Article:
Tuesday, May 15, 2012 — Texting, teens and driving isn’t anything new, but it is a recipe for disaster — clearly a risk that teens keep taking despite the consequences. According to a new nationwide survey released this week, half of teens admit they know it is not a safe thing to do, but they have done it anyway.
The poll, conducted by an independent research firm for AT&T, confirmed something equally troubling. About 75 percent of teens polled reported that while texting was common among their friends, they revealed their parents also text at nearly the same rate as they do while driving.
Not surprisingly, texting is the main mode of communication for teenagers at an average rate of more than 3,400 per month, according to Nielsen research. AT&T’s Director of Consumer Safety and Education Andrea Brands found it especially interesting that teens believe that reading a text is less dangerous than typing one. In fact, 61 percent of teens said they had glanced at their phone while driving in the past three months.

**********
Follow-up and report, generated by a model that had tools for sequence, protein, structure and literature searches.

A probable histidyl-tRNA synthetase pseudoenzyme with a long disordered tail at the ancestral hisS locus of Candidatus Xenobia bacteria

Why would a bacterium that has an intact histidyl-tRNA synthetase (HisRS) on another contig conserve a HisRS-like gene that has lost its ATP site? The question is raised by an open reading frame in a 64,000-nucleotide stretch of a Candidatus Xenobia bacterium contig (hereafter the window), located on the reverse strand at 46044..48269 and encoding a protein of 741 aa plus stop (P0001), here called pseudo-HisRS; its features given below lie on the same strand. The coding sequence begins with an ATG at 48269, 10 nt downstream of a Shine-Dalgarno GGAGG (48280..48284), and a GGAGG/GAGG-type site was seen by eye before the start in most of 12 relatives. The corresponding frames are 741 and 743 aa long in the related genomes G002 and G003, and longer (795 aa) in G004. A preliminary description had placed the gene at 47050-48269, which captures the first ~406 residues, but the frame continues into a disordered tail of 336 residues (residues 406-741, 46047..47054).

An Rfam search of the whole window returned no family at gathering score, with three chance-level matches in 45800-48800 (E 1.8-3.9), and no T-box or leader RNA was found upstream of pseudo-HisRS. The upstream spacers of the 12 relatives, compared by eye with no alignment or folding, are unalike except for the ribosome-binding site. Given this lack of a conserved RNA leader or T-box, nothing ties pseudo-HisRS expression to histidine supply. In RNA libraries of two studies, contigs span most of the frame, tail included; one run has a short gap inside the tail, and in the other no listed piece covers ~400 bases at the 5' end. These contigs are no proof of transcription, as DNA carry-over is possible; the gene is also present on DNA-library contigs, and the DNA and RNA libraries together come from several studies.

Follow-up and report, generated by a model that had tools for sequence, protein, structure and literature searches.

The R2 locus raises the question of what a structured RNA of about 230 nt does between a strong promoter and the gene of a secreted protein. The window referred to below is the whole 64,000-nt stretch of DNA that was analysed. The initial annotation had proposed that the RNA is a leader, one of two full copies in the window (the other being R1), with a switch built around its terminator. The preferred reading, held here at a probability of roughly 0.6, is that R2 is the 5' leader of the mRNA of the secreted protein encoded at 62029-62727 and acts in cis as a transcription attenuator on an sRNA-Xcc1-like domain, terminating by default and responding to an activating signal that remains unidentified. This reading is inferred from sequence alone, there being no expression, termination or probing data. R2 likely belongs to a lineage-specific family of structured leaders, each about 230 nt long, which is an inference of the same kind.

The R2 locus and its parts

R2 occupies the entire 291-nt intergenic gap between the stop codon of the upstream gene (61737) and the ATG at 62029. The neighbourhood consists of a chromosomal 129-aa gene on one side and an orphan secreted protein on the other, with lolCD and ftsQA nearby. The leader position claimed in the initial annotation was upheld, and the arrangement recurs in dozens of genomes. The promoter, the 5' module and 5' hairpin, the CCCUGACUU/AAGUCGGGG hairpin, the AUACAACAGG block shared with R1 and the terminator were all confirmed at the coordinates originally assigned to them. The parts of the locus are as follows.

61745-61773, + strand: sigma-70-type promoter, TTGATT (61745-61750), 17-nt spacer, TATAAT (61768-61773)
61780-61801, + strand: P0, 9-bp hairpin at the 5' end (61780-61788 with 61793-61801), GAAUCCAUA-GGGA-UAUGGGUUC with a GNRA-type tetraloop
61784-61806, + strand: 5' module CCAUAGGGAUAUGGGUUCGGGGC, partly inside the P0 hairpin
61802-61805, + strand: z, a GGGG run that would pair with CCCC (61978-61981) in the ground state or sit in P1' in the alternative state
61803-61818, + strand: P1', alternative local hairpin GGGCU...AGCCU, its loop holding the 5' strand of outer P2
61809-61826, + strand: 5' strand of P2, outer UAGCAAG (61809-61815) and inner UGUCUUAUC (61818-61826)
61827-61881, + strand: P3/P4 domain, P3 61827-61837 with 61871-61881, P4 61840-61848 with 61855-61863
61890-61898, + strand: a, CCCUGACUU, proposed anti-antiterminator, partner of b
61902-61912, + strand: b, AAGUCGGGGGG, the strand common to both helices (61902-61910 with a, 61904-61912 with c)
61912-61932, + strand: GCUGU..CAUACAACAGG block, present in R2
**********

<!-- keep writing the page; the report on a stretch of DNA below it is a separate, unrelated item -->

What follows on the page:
Brands said the information is helping AT&T to develop its “It Can Wait” initiatives. One of the planned programs is a 30-city tour that kicked off last week. The tour includes a texting-while-driving simulator — a computerized car — that drives home the example of what can happen to someone who texts and drives.
According to the National Highway Traffic Safety Administration (NHTSA), there were 3,092 deaths in 2010 related to “distracted-affected crashes.”